Ivan Hancock's Lagoon Nebula

A few weeks ago, Ivan picked up his new Sky-Watcher Esprit 100 and a Sky-Watcher EQ6-R go-to mount. The Esprit is an awesome scope – a triplet refractor, especially designed for imaging. The EQ6-R is a heavy-duty belt-driven computerised equatorial mount. Together they make an instrument capable of very high precision astrophotography.

After a few weeks of testing and getting to know the equipment, he started producing images. This one is the Lagoon Nebula, and was his first image with the new equipment.

The photo was taken with his Canon 5D MKII DSLR. The camera attaches to the scope with the field flattener and a Canon adapter. The flattener ensures that the focus is sharp across the whole of the field. Without one, the stars at the edges get a bit fuzzy.

To get this image, Ivan took 20 two-minute photos at ISO 3200. He gave the images to a free program called Deep Sky Stacker, which combined these into one high quality image. This quality means he can process it further in Photoshop without the image degrading.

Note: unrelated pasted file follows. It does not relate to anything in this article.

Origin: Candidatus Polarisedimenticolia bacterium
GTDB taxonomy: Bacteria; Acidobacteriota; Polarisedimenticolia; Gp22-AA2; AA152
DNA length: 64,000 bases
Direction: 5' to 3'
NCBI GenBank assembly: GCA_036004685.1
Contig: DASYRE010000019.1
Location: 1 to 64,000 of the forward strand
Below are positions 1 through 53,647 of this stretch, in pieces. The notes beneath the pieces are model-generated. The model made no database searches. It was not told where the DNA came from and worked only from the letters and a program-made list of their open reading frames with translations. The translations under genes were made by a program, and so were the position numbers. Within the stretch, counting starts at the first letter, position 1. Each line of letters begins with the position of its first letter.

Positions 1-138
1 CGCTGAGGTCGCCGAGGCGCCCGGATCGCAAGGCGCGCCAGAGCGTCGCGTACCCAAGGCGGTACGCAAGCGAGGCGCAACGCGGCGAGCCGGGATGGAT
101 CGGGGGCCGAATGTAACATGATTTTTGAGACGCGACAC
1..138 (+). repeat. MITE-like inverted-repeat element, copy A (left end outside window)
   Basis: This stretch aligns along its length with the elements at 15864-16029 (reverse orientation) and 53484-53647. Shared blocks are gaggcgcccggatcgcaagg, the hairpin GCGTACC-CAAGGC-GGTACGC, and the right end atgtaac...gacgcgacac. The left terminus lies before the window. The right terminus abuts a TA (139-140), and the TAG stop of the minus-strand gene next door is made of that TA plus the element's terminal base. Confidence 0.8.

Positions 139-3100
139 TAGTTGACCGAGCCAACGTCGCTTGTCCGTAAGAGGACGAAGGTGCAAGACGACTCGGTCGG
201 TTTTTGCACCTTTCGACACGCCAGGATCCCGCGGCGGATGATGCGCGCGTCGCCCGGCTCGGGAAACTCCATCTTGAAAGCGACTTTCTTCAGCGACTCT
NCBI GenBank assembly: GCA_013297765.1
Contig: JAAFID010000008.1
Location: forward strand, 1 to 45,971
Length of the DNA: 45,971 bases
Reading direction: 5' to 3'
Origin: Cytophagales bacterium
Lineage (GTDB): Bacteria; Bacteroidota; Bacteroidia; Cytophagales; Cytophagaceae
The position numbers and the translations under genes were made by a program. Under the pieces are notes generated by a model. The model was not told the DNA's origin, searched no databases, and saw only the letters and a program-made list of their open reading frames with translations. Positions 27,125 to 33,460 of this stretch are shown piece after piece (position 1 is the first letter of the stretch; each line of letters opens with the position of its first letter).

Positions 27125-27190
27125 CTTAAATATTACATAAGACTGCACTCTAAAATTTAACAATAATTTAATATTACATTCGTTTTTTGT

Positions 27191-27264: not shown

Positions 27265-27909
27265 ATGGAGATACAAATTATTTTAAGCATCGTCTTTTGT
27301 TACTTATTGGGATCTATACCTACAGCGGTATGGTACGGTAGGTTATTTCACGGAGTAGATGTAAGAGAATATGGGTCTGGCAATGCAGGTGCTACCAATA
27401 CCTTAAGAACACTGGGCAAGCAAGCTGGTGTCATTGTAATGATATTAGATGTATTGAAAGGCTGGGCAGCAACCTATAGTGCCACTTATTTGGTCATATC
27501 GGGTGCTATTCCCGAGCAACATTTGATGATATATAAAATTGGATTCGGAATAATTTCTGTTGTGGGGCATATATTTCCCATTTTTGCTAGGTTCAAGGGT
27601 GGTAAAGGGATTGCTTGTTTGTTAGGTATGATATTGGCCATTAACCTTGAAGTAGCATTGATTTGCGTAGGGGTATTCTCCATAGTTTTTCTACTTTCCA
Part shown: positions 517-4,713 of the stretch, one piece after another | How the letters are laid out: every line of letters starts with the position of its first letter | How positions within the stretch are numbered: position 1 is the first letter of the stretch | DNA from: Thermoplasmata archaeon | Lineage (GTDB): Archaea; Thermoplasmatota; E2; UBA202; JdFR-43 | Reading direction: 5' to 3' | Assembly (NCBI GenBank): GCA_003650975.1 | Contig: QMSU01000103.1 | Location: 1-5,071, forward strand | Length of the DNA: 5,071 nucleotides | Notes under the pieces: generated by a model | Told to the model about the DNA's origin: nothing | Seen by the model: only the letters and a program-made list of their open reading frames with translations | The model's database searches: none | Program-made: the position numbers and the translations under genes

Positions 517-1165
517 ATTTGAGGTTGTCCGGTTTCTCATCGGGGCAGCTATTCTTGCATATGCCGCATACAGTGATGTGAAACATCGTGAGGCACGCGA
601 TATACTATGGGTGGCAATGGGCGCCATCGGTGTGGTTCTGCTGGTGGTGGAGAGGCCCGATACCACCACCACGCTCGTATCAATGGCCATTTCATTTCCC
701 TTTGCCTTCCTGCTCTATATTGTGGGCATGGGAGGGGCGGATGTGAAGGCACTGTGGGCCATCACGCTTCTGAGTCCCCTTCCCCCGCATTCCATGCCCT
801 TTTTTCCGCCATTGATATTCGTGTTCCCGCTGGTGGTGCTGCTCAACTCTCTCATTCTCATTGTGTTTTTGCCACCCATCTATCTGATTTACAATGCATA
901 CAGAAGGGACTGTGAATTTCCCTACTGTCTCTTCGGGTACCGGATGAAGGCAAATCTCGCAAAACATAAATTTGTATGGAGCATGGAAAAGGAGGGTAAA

Ivan also got a shot of the Trifid Nebula (and one with both the Lagoon and the Trifid) and the Carina Nebula. I like the Trifid, but Ivan says that he preferred this image because it was the scope’s first light.

Ivan tells me that he isn’t using the hand controller for the EQ6-R at all. Instead he’s got a Wi-Fi dongle working with his iPad. The iPad battery lasts all night, and he likes the app. The stars it selects for alignment are more intuitive, he says. The first one it chose was Jupiter. Easy!

Ivan says that he was pleased at how quickly he was able to come to grips with the new equipment and techniques. He made a lot of use of YouTube tutorials.

Next, Ivan is going to start autoguiding the mount so he can get longer exposures for dimmer dark sky objects. He already has the equipment he needs. He’s also picked up a light pollution filter, so is looking at imaging from inner city Melbourne.

Great start, Ivan, but you're setting a high bar!